So if this were a self-help lecture you’d have a formula to take home and practice and that would be a good thing. But there is a catch: my generation was taught to journal about our problems, go deep into them, and they’d go away, but it turns out that rope keeping us attached to our negativity is thick and our knife is dull, so we usually give up and add “lack of hope” to the list of things that are ruining our lives.
The people of Galilee are anchored to their negativity. By any measure their lives are filled with personal, social, economic, and political problems, yet they flock to Jesus because the Word of God he speaks and the Word of God he is are powerful enough to cut the thickest ropes. The poor find themselves filled with the hope of God’s kingdom, the downtrodden are released from their victim story, those mourning for the dead find a vision of resurrection stirring in their hearts, and those working for peace begin to believe that God is on the move and is on their side.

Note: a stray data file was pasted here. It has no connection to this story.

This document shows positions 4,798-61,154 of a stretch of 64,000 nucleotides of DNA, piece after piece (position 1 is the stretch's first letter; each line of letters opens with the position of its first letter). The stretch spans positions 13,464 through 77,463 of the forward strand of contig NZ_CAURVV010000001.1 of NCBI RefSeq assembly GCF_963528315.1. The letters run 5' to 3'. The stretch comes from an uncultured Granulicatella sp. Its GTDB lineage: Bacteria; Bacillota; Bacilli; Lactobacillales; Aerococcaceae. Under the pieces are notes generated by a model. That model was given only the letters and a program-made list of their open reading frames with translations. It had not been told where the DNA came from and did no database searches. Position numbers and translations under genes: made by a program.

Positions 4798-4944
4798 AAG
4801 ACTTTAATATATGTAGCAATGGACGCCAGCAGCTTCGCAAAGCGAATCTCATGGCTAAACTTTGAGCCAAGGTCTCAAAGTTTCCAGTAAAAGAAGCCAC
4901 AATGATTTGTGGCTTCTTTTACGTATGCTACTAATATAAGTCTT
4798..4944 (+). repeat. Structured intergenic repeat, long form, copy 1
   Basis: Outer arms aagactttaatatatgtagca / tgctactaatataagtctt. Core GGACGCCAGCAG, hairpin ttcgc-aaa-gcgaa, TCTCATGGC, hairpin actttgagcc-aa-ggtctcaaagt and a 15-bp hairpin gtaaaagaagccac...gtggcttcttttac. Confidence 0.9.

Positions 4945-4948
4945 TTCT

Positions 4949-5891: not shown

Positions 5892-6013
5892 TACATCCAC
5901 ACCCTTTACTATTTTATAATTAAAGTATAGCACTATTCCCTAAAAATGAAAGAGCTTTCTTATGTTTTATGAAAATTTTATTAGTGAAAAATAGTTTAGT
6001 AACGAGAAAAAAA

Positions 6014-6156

It is good to know that the practice of gratitude produces happiness, but it is more important to know the one who sets us free from the negativity keeping us stuck, because when we know this we finally know who to be grateful to.
I remember reading somewhere about a confirmed atheist who said that when his first child was born he experienced a profound gratitude rising in his heart—and this confused him because he felt himself wanting to thank the God he didn’t believe in.
It finally costs Jesus his life to sever the cords of sin and death. On the day of resurrection those two walking on the road to Emmaus are depressed and lost but then are utterly transformed by the risen Jesus and they run back to the disciples to bear witness to what Jesus is doing for the world and for them.
They are flooded with a vision of the abundance of God’s Kingdom as their hearts explode with gratitude, even though nothing on the ground has changed—Rome is still in power, relationships are still hard, sickness still comes, and one day they will die.
Nothing has changed, except their vision of the abundance of God.
Paul prays that we might receive this vision: To the church in Ephesus he writes:
18 I pray that you may have the power to comprehend, with all the saints, what is the breadth and length and height and depth, 19 and to know the love of Christ that surpasses knowledge, so that you may be filled with all the fullness of God. Ephesians 3:18, 19